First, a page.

By Paul Suplee, MBA, CEC, PC-3
I woke up this morning pondering a dream that I had. There was a waffle iron, chicken and waffles, my old boat stowed in the garage, a chicken coop and the first car that I ever bought.
I’m sure someone out there knows what this means. If you do, give me a jingle, Doc.
I know what happened to the boat and the car, but for the life of me I can not remember what happened to the waffle iron.
We used to love making waffles from scratch. Whether it was from a mix or composed piece-by-piece from the pantry, it didn’t matter. We simply enjoyed making waffles.
In the days of yore, travel was a big part of our family. This dreaded pandemic changed things for everyone, but even before that, my ill-fated decision to start opening restaurants definitely put a damper on family trips.
That is now easing up and we will have some new adventures in the future. But for now, I guess I’ll have strange dreams of kitchen appliances and nautical vessels acting as my outlet.
On these trips, and we took quite a few, there were often waffle irons in the hotel lobby when continental breakfast was an offered amenity. And they were always a mess.
The good folks of this fine land of ours often lacked the skillset of adding just the right amount of batter, spinning the iron quickly enough to prevent spillage and waiting the appropriate time before opening the iron. Nay, they were messy.
I would often find myself cleaning up the iron a bit before making a masterpiece waffle, amazing the guests around me as the haunting and compelling opening of Beethoven’s 5th would blare over the hotel’s sound system.
OK, maybe none of that is true. My fellow guests did not care, it was more likely a ditty by Justin Bieber or Demi Lovato, and my kids in their younger years were there, tugging at my sweatshirt whining and complaining that it was taking too long.
Perhaps my reminiscence of the former scenario is easier for me to enjoy than the latter. Who knows?
On one particular trip to Williamsburg – a weekend full of Great Wolf Lodge, Busch Gardens and of course Colonial reenactments – there was no breakfast in the hotel.
As such, we went to the recommended local diner and had a fabulous repast to start the day. Nourishing ourselves for what would prove to be a monumental day of walking, swimming, sliding and roller coasters, there was plenty of coffee and good food to be had.
Since we were far enough south, they had country ham on the menu. I ordered my obligatory Chicken & Waffles and a double order of country ham.
Recognizing our Yankee accents (it still amazes me how a three-hour drive can make us stick out as northerners), the server, an older woman who we learned had worked there for decades, patted me on the shoulder and said “Honey, I think you’d like the regular ham.”
I asked her if the country ham was salty as hell and stinky, and she laughed and said “of course, honey.”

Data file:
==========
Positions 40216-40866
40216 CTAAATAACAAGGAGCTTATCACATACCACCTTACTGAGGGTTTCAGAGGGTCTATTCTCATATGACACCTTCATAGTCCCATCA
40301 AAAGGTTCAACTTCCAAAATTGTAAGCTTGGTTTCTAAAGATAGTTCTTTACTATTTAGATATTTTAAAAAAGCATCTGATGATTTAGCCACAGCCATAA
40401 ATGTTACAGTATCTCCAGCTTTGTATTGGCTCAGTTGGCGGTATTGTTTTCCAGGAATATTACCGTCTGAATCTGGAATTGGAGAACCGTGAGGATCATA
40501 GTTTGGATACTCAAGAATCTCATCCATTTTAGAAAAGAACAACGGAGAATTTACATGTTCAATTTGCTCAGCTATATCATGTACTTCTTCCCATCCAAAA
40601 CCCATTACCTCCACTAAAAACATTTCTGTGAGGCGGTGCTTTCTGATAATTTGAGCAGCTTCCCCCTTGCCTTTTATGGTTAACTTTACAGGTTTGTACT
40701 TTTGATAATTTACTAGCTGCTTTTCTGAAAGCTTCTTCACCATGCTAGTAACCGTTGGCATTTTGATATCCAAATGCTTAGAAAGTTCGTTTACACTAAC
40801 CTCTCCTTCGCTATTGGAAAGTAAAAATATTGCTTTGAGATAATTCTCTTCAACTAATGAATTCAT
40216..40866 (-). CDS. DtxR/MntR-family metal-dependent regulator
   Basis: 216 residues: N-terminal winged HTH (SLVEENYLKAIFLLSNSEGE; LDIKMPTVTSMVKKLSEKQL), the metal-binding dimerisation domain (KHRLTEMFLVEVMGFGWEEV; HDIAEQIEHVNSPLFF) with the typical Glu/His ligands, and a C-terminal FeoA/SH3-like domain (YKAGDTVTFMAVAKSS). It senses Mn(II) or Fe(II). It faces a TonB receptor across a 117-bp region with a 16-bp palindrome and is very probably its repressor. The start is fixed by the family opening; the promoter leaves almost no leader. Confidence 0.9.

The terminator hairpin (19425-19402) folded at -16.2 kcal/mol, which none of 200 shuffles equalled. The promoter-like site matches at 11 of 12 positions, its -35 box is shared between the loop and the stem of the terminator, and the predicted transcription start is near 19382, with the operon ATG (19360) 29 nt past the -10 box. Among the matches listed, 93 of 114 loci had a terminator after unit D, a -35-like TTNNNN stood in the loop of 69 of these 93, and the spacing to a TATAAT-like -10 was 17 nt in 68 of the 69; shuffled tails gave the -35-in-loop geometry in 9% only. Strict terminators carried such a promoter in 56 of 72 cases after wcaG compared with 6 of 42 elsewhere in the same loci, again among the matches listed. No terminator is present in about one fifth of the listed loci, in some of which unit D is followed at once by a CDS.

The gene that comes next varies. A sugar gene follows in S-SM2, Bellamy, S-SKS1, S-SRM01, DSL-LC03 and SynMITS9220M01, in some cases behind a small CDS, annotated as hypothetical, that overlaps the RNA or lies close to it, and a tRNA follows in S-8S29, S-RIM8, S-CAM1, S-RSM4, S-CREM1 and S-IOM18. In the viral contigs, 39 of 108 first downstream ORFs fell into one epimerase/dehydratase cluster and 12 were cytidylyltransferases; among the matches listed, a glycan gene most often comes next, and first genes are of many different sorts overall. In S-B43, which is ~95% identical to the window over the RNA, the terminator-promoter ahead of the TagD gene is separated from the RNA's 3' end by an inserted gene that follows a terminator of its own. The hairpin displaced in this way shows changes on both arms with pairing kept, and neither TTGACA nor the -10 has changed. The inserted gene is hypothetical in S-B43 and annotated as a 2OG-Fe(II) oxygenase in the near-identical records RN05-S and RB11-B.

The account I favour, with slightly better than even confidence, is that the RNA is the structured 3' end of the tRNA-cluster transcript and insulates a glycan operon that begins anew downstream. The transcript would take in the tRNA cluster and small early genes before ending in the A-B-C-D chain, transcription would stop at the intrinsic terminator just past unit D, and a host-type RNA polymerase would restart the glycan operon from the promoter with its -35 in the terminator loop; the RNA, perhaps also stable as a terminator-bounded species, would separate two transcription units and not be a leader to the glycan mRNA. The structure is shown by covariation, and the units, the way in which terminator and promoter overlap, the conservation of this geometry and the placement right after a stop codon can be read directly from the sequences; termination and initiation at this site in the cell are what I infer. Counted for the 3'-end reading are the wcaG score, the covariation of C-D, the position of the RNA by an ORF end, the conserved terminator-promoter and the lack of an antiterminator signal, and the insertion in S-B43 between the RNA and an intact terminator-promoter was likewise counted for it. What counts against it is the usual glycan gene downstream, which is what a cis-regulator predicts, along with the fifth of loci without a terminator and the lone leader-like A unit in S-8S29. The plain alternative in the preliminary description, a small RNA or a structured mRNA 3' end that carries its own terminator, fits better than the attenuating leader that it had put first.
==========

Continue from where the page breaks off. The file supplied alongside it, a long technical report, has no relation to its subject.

“Then, I’ll take a double order please,” I mused with a smile.
She obliged and it was perfect. She was mightily impressed that a northerner would find such pleasure in this southern delicacy.
Finished breakfast, we piled into our two cars, and started pulling out when my wife loudly exclaimed, “Where’s Ethan?”
We looked around for our 5-year-old, and his seat was empty. We peered toward the restaurant and there he was, his deadpan face plastered against the window of the front door of the restaurant. We were the very last table of the day, and he was locked in.
He had asked to go to the restroom alone, as he was a ‘big boy’, and we forgot the kid. The employees didn’t realize until we were out of the building. I guess you have to do that once to get it out of your system.
And that is what I think about every time I eat Chicken & Waffles.
Chicken & Waffles
4 ea. large fresh waffles
8 fried chicken tenderloins (recipe follows)
2 c. pure maple syrup
3 tbsp. Hank’s Hot Sauce
2 tbsp. red chili flakes
This is going to be the easiest one yet. Simply place the fried chicken tenderloins atop the waffles
1. Mix the last three ingredients together and slather your glorious dish with that warm, drippy sauce
Fried Chicken Tenderloins
8 ea. chicken tenderloins
2 c. AP flour
1 tbsp. salt
1 tbsp. ground black pepper
1 tsp. paprika
2 tsp. granulated garlic
½ tsp. cayenne pepper
1 tsp. blackening spice
1 c. milk
1. Trim the tendon off of each tenderloin and discard
2. Preheat a fryer to 350F
3. In one bowl, add the flour, salt and all of the spices
4. In another bowl, combine the eggs and milk
5. To bread the tenderloins, dredge (lightly coat) in the seasoned flour
6. Proceed to the next bowl and coat with the egg wash
7. Return to the seasoned flour and coat evenly
8. When all of the tenderloins are coated, fry them until golden brown and the internal temperature is 165F
9. Keep warm until ready to serve, but cook these as close to service as possible
—Paul Suplee is a Professor of Culinary Arts
at Wor-Wic Community College
and owner of boxcar40.
Visit him at www.boxcar40.com.